Mario Figueroa — Tijuana’s social services department director who is overseeing operations at the sports complex where most of the migrants in the caravan are staying — said as of Friday that of the 4,938 staying there, 933 were women, 889 were children and 3,105 were men, which includes fathers travelling with families along with single men.

The U.S. military said Monday that about 300 troops who had been deployed in south Texas and Arizona as part of a border security mission have been moved to California for similar work. The military’s role is limited largely to erecting barriers along the border and providing transportation and logistical support to Customs and Border Protection.

Democratic lawmakers and immigrant rights groups blasted the border agents’ Sunday tactics.

“These children are barefoot. In diapers. Choking on tear gas,” California Gov.-elect Gavin Newsom tweeted. “Women and children who left their lives behind — seeking peace and asylum — were met with violence and fear. That’s not my America.”

U.S. Customs and Border Protection Commissioner Kevin McAleenan said the administration’s concerns about the caravan “were borne out and on fully display” Sunday.

McAleenan said hundreds — perhaps more than 1,000 — people attempted to rush vehicle lanes at the San Ysidro crossing. Mexican authorities estimated the crowd at 500. The chaos followed what began as a peaceful march to appeal for the U.S. to speed processing of asylum claims.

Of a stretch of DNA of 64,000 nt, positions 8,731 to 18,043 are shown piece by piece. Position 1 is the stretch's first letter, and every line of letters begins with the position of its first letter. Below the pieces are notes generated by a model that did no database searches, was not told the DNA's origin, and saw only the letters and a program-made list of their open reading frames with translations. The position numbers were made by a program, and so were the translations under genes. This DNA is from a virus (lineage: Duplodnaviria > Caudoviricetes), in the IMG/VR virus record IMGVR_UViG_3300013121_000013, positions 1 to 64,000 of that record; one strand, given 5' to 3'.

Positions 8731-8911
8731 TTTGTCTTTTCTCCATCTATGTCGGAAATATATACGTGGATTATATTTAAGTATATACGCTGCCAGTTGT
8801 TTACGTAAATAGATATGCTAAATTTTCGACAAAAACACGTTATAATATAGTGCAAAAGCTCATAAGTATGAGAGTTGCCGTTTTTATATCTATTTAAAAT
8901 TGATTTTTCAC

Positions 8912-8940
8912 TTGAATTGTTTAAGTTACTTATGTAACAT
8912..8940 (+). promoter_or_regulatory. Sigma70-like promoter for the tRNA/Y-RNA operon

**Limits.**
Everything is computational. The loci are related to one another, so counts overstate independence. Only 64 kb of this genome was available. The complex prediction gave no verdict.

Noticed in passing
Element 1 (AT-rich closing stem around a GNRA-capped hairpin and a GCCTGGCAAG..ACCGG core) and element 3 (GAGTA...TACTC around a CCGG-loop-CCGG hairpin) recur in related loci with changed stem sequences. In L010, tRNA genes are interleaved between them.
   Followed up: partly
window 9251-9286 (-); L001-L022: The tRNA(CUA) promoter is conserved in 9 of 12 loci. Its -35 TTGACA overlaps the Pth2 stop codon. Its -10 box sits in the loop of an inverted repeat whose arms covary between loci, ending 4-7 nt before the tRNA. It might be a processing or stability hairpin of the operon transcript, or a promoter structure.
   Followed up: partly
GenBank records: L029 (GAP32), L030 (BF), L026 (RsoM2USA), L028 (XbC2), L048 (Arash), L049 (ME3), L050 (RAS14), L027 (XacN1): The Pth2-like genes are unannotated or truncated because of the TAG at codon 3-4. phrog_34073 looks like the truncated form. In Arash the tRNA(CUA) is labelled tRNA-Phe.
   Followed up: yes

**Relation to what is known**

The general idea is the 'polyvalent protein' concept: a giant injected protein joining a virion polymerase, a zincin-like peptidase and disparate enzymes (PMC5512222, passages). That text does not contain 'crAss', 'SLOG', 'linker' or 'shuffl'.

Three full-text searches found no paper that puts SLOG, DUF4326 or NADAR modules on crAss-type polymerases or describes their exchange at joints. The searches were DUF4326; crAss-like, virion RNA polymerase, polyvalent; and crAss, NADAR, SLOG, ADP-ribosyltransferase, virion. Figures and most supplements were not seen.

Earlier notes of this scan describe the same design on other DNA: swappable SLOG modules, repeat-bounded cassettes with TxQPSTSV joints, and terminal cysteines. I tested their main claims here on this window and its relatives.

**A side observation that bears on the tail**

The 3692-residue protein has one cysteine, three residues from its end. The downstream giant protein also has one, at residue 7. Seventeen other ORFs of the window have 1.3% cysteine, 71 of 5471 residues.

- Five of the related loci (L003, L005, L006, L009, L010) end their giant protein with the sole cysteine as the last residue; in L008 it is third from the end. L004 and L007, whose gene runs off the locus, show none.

After being stopped by Mexican authorities, the migrants split into groups. On the west side of the crossing, some tried to get through razor-wire fencing in a concrete levee that separates the two countries. On the east side, some pulled back a panel of fencing made of Army surplus steel landing mats to create an opening of about 4 feet, through which a group of more than 30 people crossed, according to a U.S. official who was not authorized to discuss the matter publicly and spoke on condition of anonymity. Others made it over a steel fence farther east.

McAleenan said four agents were struck with rocks but were not injured because they were wearing protective gear.

Border Protection agents launched pepper spray balls in addition to tear gas in what officials said were on-the-spot decisions made by agents. U.S. troops deployed to the border on Trump’s orders were not involved in the operation.

“The agents on scene, in their professional judgment, made the decision to address those assaults using less lethal devices,” McAleenan told reporters.

The scene was reminiscent of the 1980s and early 1990s, when large groups of migrants rushed vehicle lanes at San Ysidro and overwhelmed Border Patrol agents in nearby streets and fields.

U.S. authorities made 69 arrests Sunday. Mexican authorities said 39 people were arrested in Mexico.

The scene left many migrants feeling they had lost whatever possibility they might have had for making asylum cases.

Isauro Mejia, 46, of Cortes, Honduras, looked for a cup of coffee Monday morning after spending Sunday caught up in the clash.

“The way things went yesterday … I think there is no chance,” he said.

Mexico’s Interior Ministry said in a statement it would immediately deport those people arrested on its side and would reinforce security.